Wait! Since When Do Ghosts Have Anything to Do with Architecture?
I know some of you may be thinking; there are no such things as ghosts. Well, that may be true; however, ghosts have recently been seen within interior and exterior spaces of the Perkins-Winstead mansion at Franklin Grove. But it’s definitely not the ghosts we automatically assume would stomp up the stairs, send chills up our spines, or jump out and yell “boo!” You may not even see these ghosts unless you look closely.
Naturally, I’m speaking of architectural ghosts. Every house or structure carries ghosts of its past – within the walls, ceilings, floors, and foundations. The very materials, including brick, stone, and plaster, can contain incredible history placed by craftsmen of the past for future inhabitants to find. These ghosts are faintly (and sometimes, boldly) visible during architectural investigations of historic homes or buildings. These “ghosts” or “ghost lines” – which are previously removed or “buried” architectural features, once known to previous generations – allows us in the present to link the past and future. (Side note – future blogs will cover this topic in more detail.)
When walls are plastered, it leaves white lines or “ghost lines” in between the lath and studs. These “ghost lines” continue guide our preservation team’s investigations on the Perkins-Winstead mansion and provide clues regarding the different time periods of construction that, over time, were reoriented or reappointed from other places during various time periods and family occupations.
For decades, the history of the Perkins-Winstead Mansion was rather mystical, enshrouded by ghostly stories, such as the Hines-McNutt Mansion catching fire and burning to the ground during the Civil War, and William O’Neal Perkins building his house on top of the burned-out shell in 1866. However, the past 15 months, our Preservation team uncovered those stories to not necessarily be the case. It was William O’Neal Perkins’ mansion that caught fire in early 1862, not the Hines-McNutt. The Hines-McNutt mansion was part of an African American refugee camp between 1863-1865 and held the first Freedmen’s Bureau school in late 1865, until the Hines-McNutt family returned from their exile to southwestern Virginia.
And, though Perkins’ house caught fire, recent paint analysis findings indicate the house smoked but did not burn to the ground. The Perkins family left Franklin shortly after the fire and did not return to reclaim their property, including their burned-out home, until late 1865. Since they (technically) abandoned their home, only a handful of accounts indicate how Perkins rebuilt, or rather renovated, his antebellum home. One of the more detailed accounts contains information about his purchase of a building on the public square to have it dismantled and reuse materials to repair the house seen today at Franklin Grove.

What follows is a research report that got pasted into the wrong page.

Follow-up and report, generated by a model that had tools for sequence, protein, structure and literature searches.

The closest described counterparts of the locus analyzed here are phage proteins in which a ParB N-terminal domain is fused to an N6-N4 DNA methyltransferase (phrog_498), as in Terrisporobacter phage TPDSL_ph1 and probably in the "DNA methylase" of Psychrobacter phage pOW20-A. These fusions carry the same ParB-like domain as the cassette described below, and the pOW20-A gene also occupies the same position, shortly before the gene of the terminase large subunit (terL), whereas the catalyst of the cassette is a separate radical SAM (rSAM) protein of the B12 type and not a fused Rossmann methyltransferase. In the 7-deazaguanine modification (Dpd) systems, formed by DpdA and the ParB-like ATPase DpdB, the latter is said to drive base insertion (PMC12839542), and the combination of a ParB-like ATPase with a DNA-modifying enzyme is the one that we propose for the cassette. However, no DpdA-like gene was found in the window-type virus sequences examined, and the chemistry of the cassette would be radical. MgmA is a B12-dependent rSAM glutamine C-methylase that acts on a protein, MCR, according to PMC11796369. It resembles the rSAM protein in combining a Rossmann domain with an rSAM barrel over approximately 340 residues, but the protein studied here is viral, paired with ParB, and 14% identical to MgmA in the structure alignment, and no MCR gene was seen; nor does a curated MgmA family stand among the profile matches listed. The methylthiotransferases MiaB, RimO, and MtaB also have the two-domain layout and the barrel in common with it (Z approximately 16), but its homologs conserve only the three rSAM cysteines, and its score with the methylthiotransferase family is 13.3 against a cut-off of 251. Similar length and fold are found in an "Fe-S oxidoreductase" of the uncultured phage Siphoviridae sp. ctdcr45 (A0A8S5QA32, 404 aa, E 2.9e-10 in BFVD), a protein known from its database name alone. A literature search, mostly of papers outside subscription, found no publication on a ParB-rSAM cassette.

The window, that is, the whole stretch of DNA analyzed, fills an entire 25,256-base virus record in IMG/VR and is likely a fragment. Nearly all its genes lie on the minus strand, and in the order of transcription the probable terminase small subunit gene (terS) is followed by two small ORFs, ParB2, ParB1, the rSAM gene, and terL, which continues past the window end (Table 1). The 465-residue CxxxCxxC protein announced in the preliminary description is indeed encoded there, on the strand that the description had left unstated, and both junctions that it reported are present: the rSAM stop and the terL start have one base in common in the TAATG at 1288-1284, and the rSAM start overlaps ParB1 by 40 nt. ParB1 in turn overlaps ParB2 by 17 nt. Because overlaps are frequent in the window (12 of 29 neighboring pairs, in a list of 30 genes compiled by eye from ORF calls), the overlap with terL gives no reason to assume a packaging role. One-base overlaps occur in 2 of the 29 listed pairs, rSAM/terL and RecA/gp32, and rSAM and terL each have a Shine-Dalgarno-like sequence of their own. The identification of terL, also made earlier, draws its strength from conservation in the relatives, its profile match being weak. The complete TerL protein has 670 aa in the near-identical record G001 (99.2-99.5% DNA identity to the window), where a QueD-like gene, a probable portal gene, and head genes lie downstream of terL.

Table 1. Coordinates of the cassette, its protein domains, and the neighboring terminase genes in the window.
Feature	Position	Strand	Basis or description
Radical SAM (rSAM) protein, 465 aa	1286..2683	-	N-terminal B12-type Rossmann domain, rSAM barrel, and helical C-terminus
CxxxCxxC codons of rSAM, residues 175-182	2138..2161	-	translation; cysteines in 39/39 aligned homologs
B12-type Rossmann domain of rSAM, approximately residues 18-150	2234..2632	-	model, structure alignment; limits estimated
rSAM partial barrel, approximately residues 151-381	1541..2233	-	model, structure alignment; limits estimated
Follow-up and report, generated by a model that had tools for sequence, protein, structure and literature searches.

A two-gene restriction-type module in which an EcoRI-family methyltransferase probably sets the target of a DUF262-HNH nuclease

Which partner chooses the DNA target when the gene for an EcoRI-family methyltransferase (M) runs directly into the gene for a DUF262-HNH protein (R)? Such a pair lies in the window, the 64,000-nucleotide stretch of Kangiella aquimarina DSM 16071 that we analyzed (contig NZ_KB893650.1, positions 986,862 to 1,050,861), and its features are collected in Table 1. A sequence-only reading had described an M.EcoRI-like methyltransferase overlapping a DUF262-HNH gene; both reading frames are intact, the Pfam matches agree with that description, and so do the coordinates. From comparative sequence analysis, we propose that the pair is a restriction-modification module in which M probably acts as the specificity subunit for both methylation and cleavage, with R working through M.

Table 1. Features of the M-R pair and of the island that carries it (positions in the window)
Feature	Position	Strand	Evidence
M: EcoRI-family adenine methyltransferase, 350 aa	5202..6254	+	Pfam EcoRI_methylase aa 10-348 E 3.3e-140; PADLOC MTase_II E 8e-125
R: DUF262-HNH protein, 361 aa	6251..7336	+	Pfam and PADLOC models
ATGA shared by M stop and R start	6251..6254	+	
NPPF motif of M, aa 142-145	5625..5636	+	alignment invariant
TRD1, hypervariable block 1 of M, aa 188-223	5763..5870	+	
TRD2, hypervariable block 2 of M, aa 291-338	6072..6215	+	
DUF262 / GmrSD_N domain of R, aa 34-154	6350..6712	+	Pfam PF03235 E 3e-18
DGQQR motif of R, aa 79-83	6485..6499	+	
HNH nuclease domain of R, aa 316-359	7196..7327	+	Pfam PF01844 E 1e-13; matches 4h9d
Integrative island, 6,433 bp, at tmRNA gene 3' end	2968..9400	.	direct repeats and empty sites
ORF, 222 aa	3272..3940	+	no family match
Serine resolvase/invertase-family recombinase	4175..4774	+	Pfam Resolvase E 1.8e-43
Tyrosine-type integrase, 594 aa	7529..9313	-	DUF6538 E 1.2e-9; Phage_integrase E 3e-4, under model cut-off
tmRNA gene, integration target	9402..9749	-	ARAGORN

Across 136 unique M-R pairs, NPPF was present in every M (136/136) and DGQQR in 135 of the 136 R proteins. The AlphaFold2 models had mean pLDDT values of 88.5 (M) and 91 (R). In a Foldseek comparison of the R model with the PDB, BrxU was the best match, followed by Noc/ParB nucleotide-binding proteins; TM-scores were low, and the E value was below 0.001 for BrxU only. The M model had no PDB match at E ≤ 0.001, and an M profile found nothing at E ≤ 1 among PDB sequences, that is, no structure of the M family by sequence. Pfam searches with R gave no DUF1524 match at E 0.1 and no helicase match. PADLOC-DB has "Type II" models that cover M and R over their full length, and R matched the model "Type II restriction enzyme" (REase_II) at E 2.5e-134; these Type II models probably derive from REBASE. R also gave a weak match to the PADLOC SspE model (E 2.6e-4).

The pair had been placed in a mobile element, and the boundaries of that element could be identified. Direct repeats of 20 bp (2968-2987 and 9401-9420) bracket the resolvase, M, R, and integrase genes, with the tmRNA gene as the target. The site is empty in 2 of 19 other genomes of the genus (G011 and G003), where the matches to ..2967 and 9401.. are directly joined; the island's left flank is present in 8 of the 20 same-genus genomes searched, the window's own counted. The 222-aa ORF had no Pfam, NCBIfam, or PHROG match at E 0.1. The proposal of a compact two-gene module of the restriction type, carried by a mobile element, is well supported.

Finding Ghosts in the Basement
Our team of preservationists, historians, and architectural conservators are resident “house detectives,” climbing in, under, around, and through spaces in search of clues that will better inform us all on the construction and materials used on the Perkins-Winstead Mansion. We then ask ourselves questions, pose hypotheses, and compare our archival research and the historic records throughout our documentation processes to prove or rather disprove, previously-known information about the Mansion.
While in the deeper crawl spaces of the basement at the Perkins-Winstead Mansion, our Preservation team found plaster and lath ghost lines on the joists above our heads. These ghosts may originate from the public square building Perkins dismantled and reused in the renovations of his house immediately following the Civil War. In October 1865, Perkins placed an ad in the local newspaper looking for skilled brick masons to “rebuild” his home. While we do not know who was actually hired to do the work, or exactly what pieces of the public building were used and where on Perkins’ mansion, we do know the ghosts of the past are continuing to inform us in the present so we may ensure its future survival and tell all of its history.
Stay tuned for more “ghostly” reveals of hidden history of the Perkins-Winstead Mansion at Franklin Grove!
Article By Rachael Finch, Senior Director of Preservation & Education